1. In this case a Rule was issued to show cause why the conviction and sentence passed upon the petitioner should not be set aside. The petitioner was charged with an offence under Section 498, I.P.C. and sentenced to three months' rigorous imprisonment. The complainant married his wife Shantilata seven years ago. The accused Jnanendra was his sister's husband, that is to say, his brother-in-law, who lived in a neighbouring house. For sometime, the complainant noticed undue intimacy between his wife and Jnanendra. In Agrahayan last, she went to Jnanendra's house for a social ceremony and put off coming back on one pretext or another until the next month. Six days' after that, she again went to Jnanendra's house, whence Jnanendra took her to her mother. From there she refused to return to her husband's house. Later, Jnanendra took her to his house. There was a village Salish and Jnanendra agreed to let the complainant take his wife away. The wife was unwilling to go and there was trouble. Eventually she was taken to the house of Panchanon, the grand-uncle of the complainant. From there, it is alleged, the accused took her away at night to the house of Surobala, a relative of his, where he spent the night with her from time to time. The young woman is about 20 years of age and, according to her evidence, she left Panchanon's house of her own free will. She was a witness for the prosecution, who was declared hostile. She said that she left Panchanon's house at mid-day, because her husband used to beat her and she wanted to escape from his ill-treatment. Her evidence was not believed in either of the Courts below. There was evidence for the prosecution that a number of men, including Jnanendra, came to Panchanon's house in the middle of the night and at 1 a.m. they took Shantilata from the house in a boat.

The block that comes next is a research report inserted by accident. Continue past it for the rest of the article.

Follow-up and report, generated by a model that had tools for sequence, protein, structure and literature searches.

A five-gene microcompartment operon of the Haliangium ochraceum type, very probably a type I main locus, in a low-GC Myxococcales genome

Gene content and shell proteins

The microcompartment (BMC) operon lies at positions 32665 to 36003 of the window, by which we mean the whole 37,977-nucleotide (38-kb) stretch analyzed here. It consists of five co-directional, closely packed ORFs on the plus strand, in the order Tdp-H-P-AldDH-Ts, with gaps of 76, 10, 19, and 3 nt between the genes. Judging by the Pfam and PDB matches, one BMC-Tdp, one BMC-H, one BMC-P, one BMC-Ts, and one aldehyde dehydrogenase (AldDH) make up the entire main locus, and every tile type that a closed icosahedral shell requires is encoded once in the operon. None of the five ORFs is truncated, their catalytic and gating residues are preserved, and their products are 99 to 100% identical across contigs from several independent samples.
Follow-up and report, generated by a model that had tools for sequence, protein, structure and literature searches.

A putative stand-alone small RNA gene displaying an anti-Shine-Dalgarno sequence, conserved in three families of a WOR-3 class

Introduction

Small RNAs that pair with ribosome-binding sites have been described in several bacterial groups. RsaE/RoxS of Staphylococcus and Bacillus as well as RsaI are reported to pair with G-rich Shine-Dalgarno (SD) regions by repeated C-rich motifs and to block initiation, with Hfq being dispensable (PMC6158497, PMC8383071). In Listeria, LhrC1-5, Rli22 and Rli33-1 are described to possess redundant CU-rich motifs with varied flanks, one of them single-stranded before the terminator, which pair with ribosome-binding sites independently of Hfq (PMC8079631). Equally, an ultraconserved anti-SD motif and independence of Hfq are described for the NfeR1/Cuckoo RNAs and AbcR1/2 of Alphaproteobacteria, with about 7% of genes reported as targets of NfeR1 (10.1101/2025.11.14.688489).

2. It is sufficiently obvious that the girl went away of her own accord. But that is immaterial under Section 498. The question is whether the accused took or enticed her away. There is no definition in the Code of the word 'taking.' It apparently is intended to mean something different from 'enticing.' It cannot mean 'taking by force,' because this would amount to abduction. In our opinion, a case under Section 498 is sufficiently established, if it can be shown that the accused personally and actively assisted the wife to get away from her husband's house or from the custody of any person who was taking care of her on behalf of the husband. Of course, the 'taking' must be with the 'intention' stated in the section. In this case, it is clear that the accused not only provided the means by which she got away from Panchanon's house, namely the boat, but he brought it to the house and himself went away with the girl in the boat from the house. In these circumstances we consider that he 'took' the girl away within the meaning of the section. The fact that Jnanendra and the girl stayed together at night at Surobala's house is sufficient to show that there was criminal intent within the meaning of the section. In these circumstances, the conviction and sentence will stand and the Rule accordingly must be discharged. The petitioner, who is on bail, will surrender to his bail and serve out the remainder of his sentence.
3. I agree.